• The engineering controls, work controls, and PPE used to prevent infection at your medical office;
  • Information about the hepatitis B vaccine;
  • What to do after contact with blood or OPIM;
  • The procedures your medical office follows after an exposure incident, including information about the post-exposure medical evaluation;
  • An explanation of warning signs, labels, and color-coding; and
  • Responses to questions employees want to ask.

Step 11: Implement an exposure control plan (ECP)

The centerpiece of complying with the OSHA regulation is to implement a written ECP that incorporates all of these required measures. You must ensure that a copy of the ECP accessible to employees. Just make sure your ECP includes at least the following elements:

  • The results of the exposure determination, i.e., the job-specific hazard assessment described in Step 1 above;
  • The schedule and method of implementing engineering and work practice controls and PPE used to control identified hazards;
  • The schedule and method of implementing the hepatitis B vaccination and post-exposure evaluation and follow-up requirements;
  • The schedule and method of compliance with training, communication and recordkeeping requirements; and
  • The procedure for evaluating circumstances of exposure incidents.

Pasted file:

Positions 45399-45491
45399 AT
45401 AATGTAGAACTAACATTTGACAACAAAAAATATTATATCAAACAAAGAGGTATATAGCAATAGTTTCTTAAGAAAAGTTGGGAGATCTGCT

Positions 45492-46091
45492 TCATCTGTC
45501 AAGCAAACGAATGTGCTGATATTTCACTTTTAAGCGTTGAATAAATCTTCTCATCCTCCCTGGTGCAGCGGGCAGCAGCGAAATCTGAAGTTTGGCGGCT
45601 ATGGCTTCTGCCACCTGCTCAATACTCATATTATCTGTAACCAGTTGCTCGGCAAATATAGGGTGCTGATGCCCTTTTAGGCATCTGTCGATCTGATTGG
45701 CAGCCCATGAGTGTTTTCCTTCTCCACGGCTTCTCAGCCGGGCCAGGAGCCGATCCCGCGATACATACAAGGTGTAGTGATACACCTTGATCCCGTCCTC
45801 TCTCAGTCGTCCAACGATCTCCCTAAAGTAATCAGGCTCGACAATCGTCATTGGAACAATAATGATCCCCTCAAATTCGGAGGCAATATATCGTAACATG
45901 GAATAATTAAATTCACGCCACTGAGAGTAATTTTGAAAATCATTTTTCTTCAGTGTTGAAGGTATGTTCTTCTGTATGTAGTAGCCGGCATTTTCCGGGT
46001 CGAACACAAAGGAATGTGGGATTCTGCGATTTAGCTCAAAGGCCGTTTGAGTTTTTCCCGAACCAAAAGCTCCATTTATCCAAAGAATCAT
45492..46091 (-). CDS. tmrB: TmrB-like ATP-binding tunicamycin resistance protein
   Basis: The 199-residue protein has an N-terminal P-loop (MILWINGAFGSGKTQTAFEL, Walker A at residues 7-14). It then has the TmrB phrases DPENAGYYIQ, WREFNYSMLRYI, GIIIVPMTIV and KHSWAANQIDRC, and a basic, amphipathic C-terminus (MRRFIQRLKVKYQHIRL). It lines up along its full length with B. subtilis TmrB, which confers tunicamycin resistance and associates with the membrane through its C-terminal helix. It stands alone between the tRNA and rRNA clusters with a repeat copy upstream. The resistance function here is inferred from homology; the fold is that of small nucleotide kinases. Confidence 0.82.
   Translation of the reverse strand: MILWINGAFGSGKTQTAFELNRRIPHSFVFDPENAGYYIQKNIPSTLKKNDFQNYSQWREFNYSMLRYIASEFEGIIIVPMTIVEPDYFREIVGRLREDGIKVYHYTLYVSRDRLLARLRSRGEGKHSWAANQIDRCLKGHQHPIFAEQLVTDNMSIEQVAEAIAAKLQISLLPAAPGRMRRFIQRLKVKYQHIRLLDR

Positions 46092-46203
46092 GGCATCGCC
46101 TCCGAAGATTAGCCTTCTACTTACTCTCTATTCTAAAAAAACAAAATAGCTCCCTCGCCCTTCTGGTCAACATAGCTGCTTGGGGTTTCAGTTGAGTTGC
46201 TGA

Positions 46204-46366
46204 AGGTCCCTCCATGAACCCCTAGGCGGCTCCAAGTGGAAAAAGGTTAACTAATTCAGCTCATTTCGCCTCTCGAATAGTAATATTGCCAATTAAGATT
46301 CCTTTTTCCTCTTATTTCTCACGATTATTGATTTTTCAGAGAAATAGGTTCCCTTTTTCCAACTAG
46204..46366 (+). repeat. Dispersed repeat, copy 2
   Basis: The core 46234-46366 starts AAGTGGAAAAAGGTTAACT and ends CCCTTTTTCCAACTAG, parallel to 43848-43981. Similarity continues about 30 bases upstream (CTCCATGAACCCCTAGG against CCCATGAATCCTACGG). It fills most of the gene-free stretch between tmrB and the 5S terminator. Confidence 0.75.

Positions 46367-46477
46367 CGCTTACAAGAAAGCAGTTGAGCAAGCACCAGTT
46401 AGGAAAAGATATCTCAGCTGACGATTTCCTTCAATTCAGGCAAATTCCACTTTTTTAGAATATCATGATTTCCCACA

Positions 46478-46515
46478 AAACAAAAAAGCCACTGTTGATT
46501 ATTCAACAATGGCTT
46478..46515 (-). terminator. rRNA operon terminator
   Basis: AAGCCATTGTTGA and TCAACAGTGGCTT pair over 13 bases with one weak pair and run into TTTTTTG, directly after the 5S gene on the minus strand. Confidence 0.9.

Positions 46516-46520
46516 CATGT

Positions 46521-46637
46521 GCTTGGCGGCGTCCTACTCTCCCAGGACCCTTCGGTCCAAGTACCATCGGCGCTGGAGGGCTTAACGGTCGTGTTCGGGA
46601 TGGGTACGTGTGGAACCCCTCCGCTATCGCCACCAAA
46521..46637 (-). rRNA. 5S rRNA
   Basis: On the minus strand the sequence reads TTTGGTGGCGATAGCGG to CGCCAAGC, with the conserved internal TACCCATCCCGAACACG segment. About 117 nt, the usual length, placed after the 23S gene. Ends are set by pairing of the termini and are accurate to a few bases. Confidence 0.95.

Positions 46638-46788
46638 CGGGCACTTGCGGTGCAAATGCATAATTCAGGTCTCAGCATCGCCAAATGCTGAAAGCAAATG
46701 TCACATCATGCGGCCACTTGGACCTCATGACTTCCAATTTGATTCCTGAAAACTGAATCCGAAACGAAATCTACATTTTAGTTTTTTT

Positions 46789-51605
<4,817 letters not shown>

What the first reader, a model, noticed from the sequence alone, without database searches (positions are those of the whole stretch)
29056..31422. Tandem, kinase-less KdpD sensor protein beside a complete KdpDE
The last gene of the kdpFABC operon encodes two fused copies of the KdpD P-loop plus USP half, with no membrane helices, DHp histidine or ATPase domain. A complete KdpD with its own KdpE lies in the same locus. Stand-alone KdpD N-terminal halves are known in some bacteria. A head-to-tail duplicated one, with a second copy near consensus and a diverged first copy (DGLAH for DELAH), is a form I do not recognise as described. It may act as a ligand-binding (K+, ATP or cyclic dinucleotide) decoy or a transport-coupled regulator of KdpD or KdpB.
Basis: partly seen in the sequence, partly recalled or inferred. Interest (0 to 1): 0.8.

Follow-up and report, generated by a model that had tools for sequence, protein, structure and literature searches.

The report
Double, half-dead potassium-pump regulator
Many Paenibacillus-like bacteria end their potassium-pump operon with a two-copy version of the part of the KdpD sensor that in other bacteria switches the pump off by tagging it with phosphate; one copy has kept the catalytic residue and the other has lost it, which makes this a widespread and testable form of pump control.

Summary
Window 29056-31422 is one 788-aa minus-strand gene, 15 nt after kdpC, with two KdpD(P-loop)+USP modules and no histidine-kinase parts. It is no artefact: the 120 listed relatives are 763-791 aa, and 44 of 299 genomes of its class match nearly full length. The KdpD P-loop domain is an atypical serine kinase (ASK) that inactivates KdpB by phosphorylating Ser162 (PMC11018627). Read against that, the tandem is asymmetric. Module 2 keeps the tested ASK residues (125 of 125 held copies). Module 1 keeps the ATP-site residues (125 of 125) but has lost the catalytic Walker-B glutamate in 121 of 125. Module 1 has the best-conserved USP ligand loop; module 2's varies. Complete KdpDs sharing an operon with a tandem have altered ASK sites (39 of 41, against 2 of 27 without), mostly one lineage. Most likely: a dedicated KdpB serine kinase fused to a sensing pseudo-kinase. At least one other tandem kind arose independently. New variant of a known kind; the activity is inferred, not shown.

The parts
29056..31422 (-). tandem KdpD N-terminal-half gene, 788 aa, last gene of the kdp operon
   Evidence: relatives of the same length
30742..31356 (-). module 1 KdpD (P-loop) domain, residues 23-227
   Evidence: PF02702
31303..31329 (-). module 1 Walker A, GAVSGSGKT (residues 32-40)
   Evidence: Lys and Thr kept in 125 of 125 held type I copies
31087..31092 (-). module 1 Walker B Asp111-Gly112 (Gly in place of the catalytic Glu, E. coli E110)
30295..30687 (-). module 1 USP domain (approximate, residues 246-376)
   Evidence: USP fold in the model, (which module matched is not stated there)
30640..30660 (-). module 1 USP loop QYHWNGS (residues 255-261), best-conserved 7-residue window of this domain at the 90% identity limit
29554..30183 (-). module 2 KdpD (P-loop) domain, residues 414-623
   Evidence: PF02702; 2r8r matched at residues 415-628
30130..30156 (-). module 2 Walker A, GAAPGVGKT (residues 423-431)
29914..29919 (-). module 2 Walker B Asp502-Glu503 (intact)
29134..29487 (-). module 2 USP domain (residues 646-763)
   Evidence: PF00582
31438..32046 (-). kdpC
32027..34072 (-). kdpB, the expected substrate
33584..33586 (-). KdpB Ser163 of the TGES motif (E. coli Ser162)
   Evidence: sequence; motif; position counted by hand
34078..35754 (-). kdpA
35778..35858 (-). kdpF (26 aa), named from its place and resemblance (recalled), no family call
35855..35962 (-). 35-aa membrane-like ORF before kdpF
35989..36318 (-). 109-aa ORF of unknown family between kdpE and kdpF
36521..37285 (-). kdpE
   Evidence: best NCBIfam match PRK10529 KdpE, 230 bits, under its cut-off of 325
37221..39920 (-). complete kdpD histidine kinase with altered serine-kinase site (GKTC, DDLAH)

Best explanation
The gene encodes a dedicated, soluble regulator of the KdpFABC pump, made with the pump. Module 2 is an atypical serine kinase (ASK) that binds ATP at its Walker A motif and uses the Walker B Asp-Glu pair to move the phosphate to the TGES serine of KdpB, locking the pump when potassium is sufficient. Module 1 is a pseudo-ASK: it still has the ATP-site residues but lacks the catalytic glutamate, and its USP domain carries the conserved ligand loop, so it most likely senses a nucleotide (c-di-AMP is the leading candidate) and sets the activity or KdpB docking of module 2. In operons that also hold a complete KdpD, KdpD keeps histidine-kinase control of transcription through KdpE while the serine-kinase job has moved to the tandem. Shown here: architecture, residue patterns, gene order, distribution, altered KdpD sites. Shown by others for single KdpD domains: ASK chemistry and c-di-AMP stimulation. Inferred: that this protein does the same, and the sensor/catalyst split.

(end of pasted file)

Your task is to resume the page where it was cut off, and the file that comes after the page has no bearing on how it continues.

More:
Step 12: Monitor and review your ECP

The ECP is a work in progress that you must update and reviewed at least once a year to deal with:

  • Any new or changed tasks and procedures affecting occupational exposure;
  • Any new or revised employee positions with occupational exposure;
  • Potential changes in technology that eliminate or reduce exposure to bloodborne pathogens.

You must document this annual consideration and implementation of appropriate commercially available and effective safer medical devices designed to eliminate or minimize occupational exposure. You also must solicit input from non-managerial employees responsible for direct patient care who are potentially exposed to injuries from contaminated sharps in the identification, evaluation, and selection of effective engineering and work practice controls and document the solicitation in the ECP.

Step 13: Keep records

The final phase in compliance is to maintain specific records, including:

  • Medical records for each employee with occupational exposure, including name, social security number, hepatitis B vaccination status, and results of any medical exams or post-exposure incident evaluations;
  • Training records listing training dates, content of sessions, names and qualifications of trainers, and names and job titles of attendees—which you must retain for at least 3 years; and
  • A sharps injury log documenting injuries from contaminated sharps, including:
    • The type and brand of device involved;
    • Department or work area where the incident occurred; and
    • An explanation of how the incident occurred.

Related Tools

Model Policy: Exposure control

Safety Briefing: Prevent needlestick injury and exposure to bloodborne pathogens

Model Form: Hepatitis B vaccine declination

Model Tool: Exposure Control Plan Checklist